The answer is: no one knows. Many self-styled “gurus” and “pundits” – authors of voluminous tomes they sell to the gullible – pretend to know. But their “expertise” is an admixture of guesswork, superstitions, anecdotal “evidence” and hearsay. The sad truth is that no methodical, long-term, and systematic research has been attempted in the nascent field of e-publishing and, more broadly, digital content on the Web. So, no one knows to say for sure whether free content sells, when, or how.
There are two schools – apparently equally informed by the dearth of hard data. One is the “viral school”. Its vocal proponents claim that the dissemination of free content fuels sales by creating “buzz” (word of mouth marketing driven by influential communicators). The “intellectual property” school roughly says that free content cannibalizes paid content mainly because it conditions potential consumers to expect free information. Free content also often serves as a substitute (imperfect but sufficient) to paid content.
Experience – though patchy – confusingly seems to points both ways. Views and prejudices tend to converge around this consensus: whether free content sells or not depends on a few variables. They are:
The nature of the information. People are generally willing to pay for specific or customized information, tailored to their idiosyncratic needs, provided in a timely manner, and by authorities in the field. The more general and “featureless” the information, the more reluctant people are to dip into their pockets (probably because there are many free substitutes).
The nature of the audience. The more targeted the information, the more it caters to the needs of a unique, or specific group, the more often it has to be updated (“maintained”), the less indiscriminately applicable it is, and especially if it deals with money, health, sex, or relationships – the more valuable it is and the more people are willing to pay for it. The less computer savvy users – unable to find free alternatives – are more willing to pay.
Time dependent parameters. The more the content is linked to “hot” topics, “burning” issues, trends, fads, buzzwords, and “developments” – the more likely it is to sell regardless of the availability of free alternatives.
The “U” curve. People pay for content if the free information available to them is either (a) insufficient or (b) overwhelming. People will buy a book if the author’s Web site provides only a few tantalizing excerpts. But they are equally likely to buy the book if its entire full text content is available online and overwhelms them. Packaged and indexed information carries a premium over the same information in bulk. Consumer willingness to pay for content seems to decline if the amount of content provided falls between these two extremes. They feel sated and the need to acquire further information vanishes. Additionally, free content must really be free. People resent having to pay for free content, even if the currency is their personal data.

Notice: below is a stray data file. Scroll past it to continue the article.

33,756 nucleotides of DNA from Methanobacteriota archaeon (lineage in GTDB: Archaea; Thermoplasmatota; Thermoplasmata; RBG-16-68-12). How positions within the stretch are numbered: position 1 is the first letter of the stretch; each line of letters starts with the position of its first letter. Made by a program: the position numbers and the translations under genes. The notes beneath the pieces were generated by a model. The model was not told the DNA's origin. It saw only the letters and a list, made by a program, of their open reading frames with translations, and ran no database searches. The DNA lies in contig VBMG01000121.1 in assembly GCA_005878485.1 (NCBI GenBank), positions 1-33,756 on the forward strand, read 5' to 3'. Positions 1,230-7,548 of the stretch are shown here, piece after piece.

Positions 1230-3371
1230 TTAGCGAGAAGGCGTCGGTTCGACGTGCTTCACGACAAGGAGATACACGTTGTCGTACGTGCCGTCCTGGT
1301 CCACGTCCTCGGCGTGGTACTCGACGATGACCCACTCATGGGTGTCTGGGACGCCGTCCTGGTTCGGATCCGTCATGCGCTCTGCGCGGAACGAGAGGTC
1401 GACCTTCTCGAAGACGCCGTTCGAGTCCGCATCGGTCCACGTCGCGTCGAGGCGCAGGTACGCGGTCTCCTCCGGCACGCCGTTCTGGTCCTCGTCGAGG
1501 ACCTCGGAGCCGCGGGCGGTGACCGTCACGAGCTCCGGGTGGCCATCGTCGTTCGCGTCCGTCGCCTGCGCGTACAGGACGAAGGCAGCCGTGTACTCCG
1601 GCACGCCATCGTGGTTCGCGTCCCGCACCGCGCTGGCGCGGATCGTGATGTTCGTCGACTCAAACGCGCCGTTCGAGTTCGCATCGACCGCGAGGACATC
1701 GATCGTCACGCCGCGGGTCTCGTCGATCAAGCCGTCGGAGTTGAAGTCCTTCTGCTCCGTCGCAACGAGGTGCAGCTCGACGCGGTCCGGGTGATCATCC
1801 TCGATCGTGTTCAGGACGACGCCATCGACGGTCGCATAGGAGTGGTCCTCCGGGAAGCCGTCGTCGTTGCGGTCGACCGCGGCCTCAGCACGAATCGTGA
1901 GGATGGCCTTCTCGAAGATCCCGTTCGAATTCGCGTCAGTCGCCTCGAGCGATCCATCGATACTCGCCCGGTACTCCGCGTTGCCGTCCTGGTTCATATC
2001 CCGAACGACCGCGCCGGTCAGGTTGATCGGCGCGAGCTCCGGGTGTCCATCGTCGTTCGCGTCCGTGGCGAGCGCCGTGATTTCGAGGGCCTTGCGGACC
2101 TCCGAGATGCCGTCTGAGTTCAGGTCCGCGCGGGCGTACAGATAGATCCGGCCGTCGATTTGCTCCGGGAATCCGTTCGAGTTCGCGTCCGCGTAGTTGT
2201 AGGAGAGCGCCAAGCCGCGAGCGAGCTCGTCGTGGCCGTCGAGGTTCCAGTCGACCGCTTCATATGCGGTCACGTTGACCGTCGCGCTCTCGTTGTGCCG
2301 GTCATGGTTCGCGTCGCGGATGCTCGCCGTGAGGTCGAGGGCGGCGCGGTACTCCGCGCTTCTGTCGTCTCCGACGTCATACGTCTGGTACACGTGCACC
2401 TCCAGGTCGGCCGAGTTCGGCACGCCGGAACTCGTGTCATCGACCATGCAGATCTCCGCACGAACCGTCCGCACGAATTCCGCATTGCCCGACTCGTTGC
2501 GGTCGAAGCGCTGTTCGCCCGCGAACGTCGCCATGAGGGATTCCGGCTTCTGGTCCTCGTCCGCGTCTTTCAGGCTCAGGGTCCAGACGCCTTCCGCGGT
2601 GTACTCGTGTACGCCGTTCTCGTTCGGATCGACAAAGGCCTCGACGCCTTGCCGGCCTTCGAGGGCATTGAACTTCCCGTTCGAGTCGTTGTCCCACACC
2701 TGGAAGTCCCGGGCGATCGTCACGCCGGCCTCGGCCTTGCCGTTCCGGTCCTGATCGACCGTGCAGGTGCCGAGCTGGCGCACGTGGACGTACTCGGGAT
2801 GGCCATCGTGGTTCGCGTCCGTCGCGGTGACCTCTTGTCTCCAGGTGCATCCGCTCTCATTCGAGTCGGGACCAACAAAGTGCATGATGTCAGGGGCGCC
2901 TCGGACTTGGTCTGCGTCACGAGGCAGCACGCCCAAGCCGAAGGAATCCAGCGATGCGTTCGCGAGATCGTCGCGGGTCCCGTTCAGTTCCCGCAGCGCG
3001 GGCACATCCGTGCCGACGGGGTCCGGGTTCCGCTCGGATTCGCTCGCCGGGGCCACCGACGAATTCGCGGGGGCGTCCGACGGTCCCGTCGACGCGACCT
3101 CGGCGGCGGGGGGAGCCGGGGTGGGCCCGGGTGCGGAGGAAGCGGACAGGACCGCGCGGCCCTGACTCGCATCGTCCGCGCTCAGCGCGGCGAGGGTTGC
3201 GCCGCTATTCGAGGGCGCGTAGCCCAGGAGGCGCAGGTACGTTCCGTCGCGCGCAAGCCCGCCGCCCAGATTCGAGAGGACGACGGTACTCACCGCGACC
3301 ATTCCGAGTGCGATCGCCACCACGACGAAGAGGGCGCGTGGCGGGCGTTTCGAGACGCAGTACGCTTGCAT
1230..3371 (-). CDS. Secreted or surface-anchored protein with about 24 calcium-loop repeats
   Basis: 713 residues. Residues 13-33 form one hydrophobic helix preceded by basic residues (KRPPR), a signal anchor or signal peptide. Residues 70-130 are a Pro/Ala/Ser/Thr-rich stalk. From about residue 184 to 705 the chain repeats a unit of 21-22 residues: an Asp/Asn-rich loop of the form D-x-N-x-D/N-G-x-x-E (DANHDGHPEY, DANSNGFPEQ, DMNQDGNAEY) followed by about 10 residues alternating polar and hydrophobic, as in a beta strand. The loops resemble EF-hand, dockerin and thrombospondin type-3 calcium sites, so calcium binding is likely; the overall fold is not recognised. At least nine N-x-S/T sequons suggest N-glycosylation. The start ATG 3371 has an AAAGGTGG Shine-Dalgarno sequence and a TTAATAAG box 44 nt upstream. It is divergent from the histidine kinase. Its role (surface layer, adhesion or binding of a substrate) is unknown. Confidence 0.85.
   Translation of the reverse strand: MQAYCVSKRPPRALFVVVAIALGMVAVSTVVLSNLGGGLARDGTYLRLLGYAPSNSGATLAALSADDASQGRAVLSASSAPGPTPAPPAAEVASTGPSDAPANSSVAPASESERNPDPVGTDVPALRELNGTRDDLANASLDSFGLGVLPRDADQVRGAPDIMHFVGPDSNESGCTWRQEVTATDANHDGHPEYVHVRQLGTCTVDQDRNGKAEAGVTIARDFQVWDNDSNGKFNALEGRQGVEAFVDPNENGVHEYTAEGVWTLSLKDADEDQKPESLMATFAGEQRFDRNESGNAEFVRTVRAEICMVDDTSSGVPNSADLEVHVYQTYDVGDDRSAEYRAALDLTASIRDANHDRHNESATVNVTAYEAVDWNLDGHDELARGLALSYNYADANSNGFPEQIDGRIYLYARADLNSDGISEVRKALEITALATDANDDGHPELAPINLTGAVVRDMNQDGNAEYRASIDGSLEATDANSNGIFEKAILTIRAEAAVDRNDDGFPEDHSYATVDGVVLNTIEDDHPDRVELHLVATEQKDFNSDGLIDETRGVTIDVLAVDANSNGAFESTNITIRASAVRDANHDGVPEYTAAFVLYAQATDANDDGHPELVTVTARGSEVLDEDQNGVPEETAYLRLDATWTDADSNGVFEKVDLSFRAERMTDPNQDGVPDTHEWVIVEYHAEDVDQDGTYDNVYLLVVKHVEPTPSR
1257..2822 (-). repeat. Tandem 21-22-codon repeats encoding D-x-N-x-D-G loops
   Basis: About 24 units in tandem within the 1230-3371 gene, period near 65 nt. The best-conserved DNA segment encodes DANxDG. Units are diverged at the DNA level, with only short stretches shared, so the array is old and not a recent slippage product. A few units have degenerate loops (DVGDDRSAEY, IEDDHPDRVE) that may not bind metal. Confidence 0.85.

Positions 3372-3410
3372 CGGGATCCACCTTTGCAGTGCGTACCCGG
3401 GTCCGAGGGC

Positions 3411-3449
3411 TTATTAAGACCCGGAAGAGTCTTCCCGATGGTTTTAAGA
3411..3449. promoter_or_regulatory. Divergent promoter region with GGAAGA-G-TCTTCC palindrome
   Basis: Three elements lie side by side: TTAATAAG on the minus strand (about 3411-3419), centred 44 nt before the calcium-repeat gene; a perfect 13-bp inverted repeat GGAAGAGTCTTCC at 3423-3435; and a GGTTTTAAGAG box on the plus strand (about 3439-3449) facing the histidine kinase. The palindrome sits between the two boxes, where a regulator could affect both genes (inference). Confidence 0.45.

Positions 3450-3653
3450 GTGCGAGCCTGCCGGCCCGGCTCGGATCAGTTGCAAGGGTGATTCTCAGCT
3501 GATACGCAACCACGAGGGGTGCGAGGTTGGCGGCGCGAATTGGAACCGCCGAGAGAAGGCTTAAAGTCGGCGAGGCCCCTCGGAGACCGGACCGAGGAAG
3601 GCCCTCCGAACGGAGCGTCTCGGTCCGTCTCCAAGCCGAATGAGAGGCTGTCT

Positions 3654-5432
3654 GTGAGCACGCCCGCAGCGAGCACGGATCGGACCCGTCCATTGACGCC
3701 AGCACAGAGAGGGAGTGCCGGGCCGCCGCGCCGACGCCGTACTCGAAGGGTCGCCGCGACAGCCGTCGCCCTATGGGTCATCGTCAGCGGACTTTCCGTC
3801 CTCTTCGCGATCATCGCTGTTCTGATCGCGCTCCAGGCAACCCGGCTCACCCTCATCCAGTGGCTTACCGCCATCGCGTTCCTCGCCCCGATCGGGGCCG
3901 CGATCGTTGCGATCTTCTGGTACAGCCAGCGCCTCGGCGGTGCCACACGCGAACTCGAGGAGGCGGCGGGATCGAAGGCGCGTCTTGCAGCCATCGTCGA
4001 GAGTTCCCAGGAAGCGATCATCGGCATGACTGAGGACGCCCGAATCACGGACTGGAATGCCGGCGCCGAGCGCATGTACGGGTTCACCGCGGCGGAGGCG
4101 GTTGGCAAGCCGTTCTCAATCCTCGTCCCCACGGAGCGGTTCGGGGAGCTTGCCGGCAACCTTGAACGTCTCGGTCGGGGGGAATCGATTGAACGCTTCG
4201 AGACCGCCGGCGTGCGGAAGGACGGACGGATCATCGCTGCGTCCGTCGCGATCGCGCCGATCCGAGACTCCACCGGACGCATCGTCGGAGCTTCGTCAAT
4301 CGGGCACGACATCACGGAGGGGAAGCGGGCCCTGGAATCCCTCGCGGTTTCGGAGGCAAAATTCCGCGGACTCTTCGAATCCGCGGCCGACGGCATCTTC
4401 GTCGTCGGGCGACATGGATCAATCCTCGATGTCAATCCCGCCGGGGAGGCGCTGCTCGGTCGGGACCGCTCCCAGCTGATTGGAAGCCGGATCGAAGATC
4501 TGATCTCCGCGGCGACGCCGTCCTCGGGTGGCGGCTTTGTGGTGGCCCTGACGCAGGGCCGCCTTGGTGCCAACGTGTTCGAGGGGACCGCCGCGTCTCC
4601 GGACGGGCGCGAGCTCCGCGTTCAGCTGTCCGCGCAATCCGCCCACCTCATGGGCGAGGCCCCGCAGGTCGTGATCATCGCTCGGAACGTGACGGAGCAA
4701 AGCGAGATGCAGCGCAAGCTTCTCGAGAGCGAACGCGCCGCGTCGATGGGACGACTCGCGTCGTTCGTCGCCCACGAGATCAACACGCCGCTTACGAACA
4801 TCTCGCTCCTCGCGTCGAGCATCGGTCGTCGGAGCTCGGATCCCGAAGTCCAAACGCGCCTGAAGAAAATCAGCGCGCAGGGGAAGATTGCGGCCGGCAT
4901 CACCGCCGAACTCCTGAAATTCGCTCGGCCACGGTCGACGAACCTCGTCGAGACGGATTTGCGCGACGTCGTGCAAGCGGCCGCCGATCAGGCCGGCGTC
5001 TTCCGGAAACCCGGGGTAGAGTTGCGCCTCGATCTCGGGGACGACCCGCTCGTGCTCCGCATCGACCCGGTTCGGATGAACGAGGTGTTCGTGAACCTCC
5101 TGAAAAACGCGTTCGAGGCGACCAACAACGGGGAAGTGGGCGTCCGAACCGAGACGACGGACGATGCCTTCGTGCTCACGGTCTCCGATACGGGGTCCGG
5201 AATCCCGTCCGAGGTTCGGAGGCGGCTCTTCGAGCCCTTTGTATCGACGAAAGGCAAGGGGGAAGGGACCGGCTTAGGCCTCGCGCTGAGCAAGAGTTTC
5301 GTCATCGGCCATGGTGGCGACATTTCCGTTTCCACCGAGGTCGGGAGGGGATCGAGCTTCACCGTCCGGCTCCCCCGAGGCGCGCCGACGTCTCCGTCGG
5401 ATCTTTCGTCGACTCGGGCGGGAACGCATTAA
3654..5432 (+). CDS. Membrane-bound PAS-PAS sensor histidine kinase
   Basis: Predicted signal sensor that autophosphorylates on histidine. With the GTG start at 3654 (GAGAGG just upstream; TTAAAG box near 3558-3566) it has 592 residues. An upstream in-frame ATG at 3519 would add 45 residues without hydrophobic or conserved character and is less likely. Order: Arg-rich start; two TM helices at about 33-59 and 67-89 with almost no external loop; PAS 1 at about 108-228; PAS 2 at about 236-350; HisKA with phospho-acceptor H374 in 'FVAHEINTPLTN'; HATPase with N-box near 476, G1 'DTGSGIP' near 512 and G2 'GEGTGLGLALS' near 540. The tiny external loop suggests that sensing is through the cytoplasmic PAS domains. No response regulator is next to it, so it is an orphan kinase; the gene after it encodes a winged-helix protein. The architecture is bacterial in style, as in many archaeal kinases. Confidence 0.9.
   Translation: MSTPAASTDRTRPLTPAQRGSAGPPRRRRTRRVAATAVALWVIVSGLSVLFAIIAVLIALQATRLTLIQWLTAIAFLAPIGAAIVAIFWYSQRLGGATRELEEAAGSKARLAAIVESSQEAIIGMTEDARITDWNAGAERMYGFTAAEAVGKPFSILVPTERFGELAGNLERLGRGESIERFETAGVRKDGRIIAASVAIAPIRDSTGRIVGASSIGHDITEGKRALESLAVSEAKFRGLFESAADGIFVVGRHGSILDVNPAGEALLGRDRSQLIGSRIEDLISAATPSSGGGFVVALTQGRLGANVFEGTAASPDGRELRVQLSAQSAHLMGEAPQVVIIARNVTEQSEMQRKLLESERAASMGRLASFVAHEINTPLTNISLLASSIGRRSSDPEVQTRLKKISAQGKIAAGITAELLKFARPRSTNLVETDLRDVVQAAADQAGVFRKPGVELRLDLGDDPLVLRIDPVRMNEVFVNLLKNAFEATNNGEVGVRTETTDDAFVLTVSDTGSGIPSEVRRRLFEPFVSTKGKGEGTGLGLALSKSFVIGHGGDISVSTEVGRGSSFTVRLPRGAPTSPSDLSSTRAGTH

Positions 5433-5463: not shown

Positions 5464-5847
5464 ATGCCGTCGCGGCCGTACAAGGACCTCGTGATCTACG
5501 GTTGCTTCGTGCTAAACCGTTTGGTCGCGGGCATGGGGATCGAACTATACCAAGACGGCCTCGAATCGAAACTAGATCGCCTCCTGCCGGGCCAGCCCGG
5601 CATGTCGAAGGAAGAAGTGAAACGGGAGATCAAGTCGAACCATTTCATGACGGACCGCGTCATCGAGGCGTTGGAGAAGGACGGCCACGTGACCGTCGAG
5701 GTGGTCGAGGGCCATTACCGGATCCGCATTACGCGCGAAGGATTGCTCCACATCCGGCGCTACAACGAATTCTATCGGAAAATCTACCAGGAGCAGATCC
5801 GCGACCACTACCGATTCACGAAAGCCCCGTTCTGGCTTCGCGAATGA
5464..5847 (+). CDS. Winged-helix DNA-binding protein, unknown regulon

Frills and bonuses. There seems to be a weak, albeit positive link between willingness to pay for content and “members only” or “buyers only” frills, free add-ons, bonuses, and free maintenance. Free subscriptions, discount vouchers for additional products, volume discounts, add-on, or “piggyback” products – all seem to encourage sales. Qualitative free content is often perceived by consumers to be a BONUS – hence its enhancing effect on sales.
Credibility. The credibility and positive track record of both content creator and vendor are crucial factors. This is where testimonials and reviews come in. But their effect is particularly strong if the potential consumer finds himself in agreement with them. In other words, the motivating effect of a testimonial or a review is amplified when the customer can actually browse the content and form his or her own opinion. Free content encourages a latent dialog between the potential consumer and actual consumers (through their reviews and testimonials).
Money back warranties or guarantees. These are really forms of free content. The consumer is safe in the knowledge that he can always return the already consumed content and get his money back. In other words, it is the consumer who decides whether to transform the content from free to paid by not exercising the money back guarantee.
Relative pricing. Information available on the Web is assumed to be inherently inferior and consumers expect pricing to reflect this “fact”. Free content is perceived to be even more shoddy. The coupling of free (“cheap”, “gimmick”) content with paid content serves to enhance the RELATIVE VALUE of the paid content (and the price people are willing to pay for it). It is like pairing a medium height person with a midget – the former would look taller by comparison.
Price rigidity. Free content reduces the price elasticity of paid content. Normally, the cheaper the content – the more it sells. But the availability of free content alters this simple function. Paid content cannot be too cheap or it will come to resemble the free alternative (“shoddy”, “dubious”). But free content is also a substitute (however partial and imperfect) to paid content. Thus, paid content cannot be priced too high – or people will prefer the free alternative. Free content, in other words, limits both the downside and the upside of the price of paid content.
There are many other factors which determine the interaction of free and paid content. Culture plays an important role as do the law and technology. But as long as the field is not subject to a research agenda the best we can do is observe, collate – and guess.
This article is, of course, free content…:o))